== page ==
B340, owned by the London Transport Museum; London to Brighton Run, 2006
|Manufacturer||London General Omnibus Company|
|Body and chassis|
|Floor type||Step entrance|
Design and pre-war service
B-type buses were built in Walthamstow and replaced the X-type bus. It had a 34 seat capacity and is often considered to be the first mass produced bus. The first bus began carrying passengers in 1911. By 1913 around 2500 had entered service.
The B-type was designed by Frank Searle, who was chief engineer of the LGOC. It had a wooden frame, steel wheels, a worm drive and chain gearbox. Its top speed was 16 miles per hour (26 km/h), which was above the legal speed limit at that time of 12 miles per hour (19 km/h). However the vehicle could reach 30–35 miles per hour (48–56 km/h) under the right conditions.
B-types carried 16 passengers inside and had seats for 18 on the uncovered top deck. These outside seats were fitted with wet-weather canvas covers. Electric lighting was introduced from 1912, and headlights in 1913. Before this, it was thought that interior lighting would render the bus sufficiently visible at night.
World War I service
A total of 900 of the buses were used to move troops behind the lines during World War I. After initially serving without any modifications and in their red-and-white livery, they were painted khaki. It was soon found that the glass windows on the lower deck were prone to breakage, mostly from contact with the men's rifles and packs. The glass was therefore removed and replaced by planks nailed to the sides of the vehicle.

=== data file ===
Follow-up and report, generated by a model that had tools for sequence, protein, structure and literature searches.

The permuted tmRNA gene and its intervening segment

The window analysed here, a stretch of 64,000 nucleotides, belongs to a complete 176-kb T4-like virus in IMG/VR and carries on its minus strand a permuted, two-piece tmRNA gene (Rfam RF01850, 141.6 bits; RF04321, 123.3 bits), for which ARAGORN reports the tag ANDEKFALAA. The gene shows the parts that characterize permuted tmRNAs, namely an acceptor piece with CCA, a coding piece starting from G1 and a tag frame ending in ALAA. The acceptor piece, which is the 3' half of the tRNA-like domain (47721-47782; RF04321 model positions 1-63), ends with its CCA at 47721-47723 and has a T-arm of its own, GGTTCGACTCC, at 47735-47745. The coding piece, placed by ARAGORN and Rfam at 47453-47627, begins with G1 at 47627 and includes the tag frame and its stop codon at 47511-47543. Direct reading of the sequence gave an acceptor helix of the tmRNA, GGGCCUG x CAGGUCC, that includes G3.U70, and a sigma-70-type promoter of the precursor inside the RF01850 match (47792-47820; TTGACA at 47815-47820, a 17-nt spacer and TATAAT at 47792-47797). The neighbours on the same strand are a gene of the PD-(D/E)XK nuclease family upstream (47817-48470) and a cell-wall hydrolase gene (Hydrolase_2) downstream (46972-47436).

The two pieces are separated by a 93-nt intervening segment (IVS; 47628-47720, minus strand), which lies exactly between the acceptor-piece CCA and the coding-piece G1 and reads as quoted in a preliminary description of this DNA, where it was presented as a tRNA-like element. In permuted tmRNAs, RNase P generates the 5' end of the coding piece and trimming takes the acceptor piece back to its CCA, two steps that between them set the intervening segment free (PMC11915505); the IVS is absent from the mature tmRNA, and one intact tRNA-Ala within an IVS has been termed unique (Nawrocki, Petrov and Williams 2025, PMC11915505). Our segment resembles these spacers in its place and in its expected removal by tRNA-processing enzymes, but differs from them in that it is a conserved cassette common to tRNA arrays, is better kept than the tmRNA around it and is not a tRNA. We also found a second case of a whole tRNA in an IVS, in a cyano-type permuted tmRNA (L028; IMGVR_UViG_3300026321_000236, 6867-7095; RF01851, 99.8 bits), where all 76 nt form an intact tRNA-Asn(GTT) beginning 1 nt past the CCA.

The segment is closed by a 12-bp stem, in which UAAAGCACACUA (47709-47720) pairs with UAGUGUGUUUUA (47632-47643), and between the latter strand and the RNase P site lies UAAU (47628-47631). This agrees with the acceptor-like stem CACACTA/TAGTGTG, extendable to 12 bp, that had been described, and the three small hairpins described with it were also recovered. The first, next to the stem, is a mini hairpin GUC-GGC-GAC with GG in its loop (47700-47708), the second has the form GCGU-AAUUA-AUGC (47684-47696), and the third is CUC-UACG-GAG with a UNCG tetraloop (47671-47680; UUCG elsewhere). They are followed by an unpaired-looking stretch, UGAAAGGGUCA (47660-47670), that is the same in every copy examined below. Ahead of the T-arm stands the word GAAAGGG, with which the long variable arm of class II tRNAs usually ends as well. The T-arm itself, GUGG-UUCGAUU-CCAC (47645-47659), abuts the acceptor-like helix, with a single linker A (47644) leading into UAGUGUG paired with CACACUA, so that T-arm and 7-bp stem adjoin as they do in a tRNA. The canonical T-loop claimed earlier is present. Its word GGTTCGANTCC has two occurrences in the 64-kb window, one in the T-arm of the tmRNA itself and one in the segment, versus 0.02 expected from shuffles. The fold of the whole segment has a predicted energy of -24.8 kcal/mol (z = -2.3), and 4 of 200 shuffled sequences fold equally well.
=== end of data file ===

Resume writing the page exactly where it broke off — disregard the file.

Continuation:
The B-Type could carry 24 fully equipped infantrymen and their kit. Some were converted into mobile pigeon lofts to house the pigeons used for communication along the front. They served until the end of the war when they were used to bring troops home.
The Imperial War Museum preserves a B-Type bus, B43, which was built by AEC in 1911 and ran on London bus routes until being purchased by the War Office in 1914. B43 served in France and Belgium until 1919 when it was repurchased by the LGOC. On 14 February 1920 B43 was inspected by King George V at Buckingham Palace, becoming the first bus the monarch had ever boarded.[nb 1] During the early 1920s the bus was retired from service and preserved by the Auxiliary Omnibus Companies Association, who renamed it Ole Bill after Bruce Bairnsfather's celebrated caricature of a British soldier. Ole Bill continued to appear in commemorative parades,[nb 2] before being presented to the Imperial War Museum in April 1970.
Front view of "Ole Bill" (2008)
- Livesey, Jack (2007). Armoured Fighting Vehicles of Would Wars I and II. Southwater. p. 84. ISBN 978-1-84476-370-2.
- "Exploring 20th Century London - Buses". Museum of London. Retrieved 2008-05-30.
- Destination Western Front: London's Omnibuses Go To War. R. Larkin, 2010. ISBN 978 0 956501400
- Imperial War Museum (2012). "AEC B Type Bus (B43 Old Bill)". Imperial War Museum Collections Search. Retrieved 18 February 2012.
- "Old Bill - King Inspects Bus". www.britishpathe.com. British Pathé. 1920. Retrieved 15 August 2012.
- "Steadily... Shoulder To Shoulder". www.britishpathe.com. British Pathé. 1930. Retrieved 15 August 2012.
- "Old Bill AKA Historic Transport". www.britishpathe.com. British Pathé. 1960. Retrieved 15 August 2012.
- "Ole Bill Bus". Imperial War Museum: Your History. Retrieved 15 August 2012.
- Thackray, Brian (2001). The AEC Story:Part 1. Venture Publications Ltd. ISBN 1-898432-37-6
- Thackray, Brian (2004). AEC Vehicles: Origins to 1929. Venture Publications Ltd. ISBN 1-898432-44-9
- Townsin, A. A. (1980). Blue Triangle. Transport Publishing Company. ISBN 0-903839-34-2
- Robbins, G.J., & Atkinson, J.B. The London B-Type Motor Omnibus, 1970
- Bruce, J.G. & Curtis, C.H. The London Motor Bus, London Transport, 1973. ISBN 0-85329-036-9
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